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School Cheating Is Common. But By The School Superintendent?


If these allegations are true … what a great example this Florida school superintendent is setting for her students. As reported by TCPalm.com:

The Florida Department of Law Enforcement is reviewing allegations that Martin County Schools Superintendent Nancy Kline cheated on a certification exam in 2009.


In a memo to School Board Attorney Doug Griffin dated Jan. 22, Kim Sabol, the district’s labor/employment representative, wrote that Terrie Kenney, a former consultant and volunteer with the district, claimed Kline phoned Kenney “for help in answering test questions while taking what Ms. Kenney later learned was a certification examination for the Florida Superintendent Special Certification Program.”

What are the specific allegations?

According to the memo, Kenney reported Kline called from a hotel room, said some of the questions were “really hard” and admitted she didn’t attend all the class sessions leading up to the test.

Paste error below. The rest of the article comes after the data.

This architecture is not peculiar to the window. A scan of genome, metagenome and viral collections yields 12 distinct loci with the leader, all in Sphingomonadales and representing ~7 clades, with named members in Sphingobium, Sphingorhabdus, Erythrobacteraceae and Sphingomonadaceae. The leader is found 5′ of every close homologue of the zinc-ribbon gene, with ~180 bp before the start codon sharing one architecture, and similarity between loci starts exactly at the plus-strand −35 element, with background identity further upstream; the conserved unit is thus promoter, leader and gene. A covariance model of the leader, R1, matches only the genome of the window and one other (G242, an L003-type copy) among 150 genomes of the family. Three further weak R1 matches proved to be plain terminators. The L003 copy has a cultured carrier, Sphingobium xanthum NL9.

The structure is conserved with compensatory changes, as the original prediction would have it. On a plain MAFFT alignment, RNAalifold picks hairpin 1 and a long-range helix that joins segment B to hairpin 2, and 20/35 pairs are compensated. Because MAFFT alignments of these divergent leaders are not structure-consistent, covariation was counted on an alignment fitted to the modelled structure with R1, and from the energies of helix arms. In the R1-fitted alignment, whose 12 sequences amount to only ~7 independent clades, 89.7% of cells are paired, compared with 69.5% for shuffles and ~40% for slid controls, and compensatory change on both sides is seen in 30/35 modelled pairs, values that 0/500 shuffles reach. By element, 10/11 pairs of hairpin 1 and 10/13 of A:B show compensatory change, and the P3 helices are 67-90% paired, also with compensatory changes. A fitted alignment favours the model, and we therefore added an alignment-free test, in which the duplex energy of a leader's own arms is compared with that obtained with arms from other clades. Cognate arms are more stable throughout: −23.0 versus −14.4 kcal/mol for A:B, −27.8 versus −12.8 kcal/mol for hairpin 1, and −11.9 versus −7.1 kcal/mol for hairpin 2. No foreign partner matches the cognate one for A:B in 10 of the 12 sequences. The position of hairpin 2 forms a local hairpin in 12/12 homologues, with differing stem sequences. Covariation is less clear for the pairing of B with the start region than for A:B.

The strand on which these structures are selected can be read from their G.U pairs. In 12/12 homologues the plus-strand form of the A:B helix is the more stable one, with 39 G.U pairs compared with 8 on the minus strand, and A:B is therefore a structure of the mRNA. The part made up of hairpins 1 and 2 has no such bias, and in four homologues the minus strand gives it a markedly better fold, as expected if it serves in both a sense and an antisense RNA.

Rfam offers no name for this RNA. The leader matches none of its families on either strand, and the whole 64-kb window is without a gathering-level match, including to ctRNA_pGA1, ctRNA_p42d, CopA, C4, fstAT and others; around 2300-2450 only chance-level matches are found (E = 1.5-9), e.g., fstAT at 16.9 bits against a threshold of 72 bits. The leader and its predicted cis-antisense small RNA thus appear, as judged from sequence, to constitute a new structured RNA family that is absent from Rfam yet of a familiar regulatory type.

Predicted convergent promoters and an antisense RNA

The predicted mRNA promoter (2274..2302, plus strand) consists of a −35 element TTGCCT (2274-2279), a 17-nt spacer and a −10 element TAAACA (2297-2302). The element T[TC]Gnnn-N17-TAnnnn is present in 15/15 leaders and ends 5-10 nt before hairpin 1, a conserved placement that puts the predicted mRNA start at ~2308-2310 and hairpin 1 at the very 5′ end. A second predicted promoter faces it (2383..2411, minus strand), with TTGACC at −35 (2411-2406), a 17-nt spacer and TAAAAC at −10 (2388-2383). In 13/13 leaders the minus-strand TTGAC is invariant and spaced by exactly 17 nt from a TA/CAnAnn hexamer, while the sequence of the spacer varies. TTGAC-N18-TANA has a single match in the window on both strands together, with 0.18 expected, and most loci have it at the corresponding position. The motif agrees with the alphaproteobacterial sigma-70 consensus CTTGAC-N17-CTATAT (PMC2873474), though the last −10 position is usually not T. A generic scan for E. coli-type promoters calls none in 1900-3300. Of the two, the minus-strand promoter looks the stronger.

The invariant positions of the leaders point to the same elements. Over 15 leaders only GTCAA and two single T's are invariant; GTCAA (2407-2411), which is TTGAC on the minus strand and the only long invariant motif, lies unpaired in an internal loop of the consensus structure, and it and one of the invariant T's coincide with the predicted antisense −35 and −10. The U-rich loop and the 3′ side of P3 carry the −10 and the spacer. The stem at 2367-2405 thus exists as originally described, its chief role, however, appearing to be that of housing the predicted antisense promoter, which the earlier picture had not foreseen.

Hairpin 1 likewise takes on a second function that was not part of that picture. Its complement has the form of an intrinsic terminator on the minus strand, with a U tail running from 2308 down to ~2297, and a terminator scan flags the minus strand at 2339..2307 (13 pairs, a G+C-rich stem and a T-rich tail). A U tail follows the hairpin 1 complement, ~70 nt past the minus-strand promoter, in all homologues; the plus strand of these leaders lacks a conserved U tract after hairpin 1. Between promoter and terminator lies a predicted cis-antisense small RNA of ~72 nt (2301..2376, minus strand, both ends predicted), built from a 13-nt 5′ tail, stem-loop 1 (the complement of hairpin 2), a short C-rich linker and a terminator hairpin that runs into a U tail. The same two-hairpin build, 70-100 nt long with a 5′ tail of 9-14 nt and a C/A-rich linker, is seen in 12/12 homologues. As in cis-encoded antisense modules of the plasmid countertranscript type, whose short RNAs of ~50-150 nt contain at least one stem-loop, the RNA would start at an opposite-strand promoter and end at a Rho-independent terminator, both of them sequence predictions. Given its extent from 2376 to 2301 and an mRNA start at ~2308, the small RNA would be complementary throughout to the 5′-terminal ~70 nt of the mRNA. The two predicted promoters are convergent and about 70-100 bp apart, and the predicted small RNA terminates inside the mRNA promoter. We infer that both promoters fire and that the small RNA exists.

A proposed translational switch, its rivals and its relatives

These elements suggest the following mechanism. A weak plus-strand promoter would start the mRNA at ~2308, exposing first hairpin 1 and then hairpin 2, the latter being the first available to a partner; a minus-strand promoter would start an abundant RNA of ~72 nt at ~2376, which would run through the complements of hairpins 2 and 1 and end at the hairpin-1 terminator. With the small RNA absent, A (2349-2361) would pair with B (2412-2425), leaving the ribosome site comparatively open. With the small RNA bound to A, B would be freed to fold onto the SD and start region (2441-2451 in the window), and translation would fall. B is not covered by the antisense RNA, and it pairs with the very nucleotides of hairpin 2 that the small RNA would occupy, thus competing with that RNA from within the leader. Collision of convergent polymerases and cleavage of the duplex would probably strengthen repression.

So like, if you don’t go to class, that makes the test harder? Who knew?

When Kenney suggested Kline call Frank Raffone, the district’s assistant superintendent, for help on some questions, “the superintendent did not say anything in response.”

Kline’s unwillingness to get help from a school official “solidified” for Kenney that the superintendent “knew what she was doing was wrong,” Sabol wrote.

Kline’s defense?

Kenney reportedly suggested to Sabol that Kline’s calls could have been allowed because it was an “open book exam.”

Sabol wrote that she replied, “Terrie, open book, if that is even true, does not mean cheating!”

“These allegations have no credibility – this is nothing more than a smear campaign,” Kline said Monday night.

Speaking of campaigns …

Kline is up for re-election this year, facing a challenge by School Board member Laurie Gaylord.

You can read more (a fair amount) and see a video here.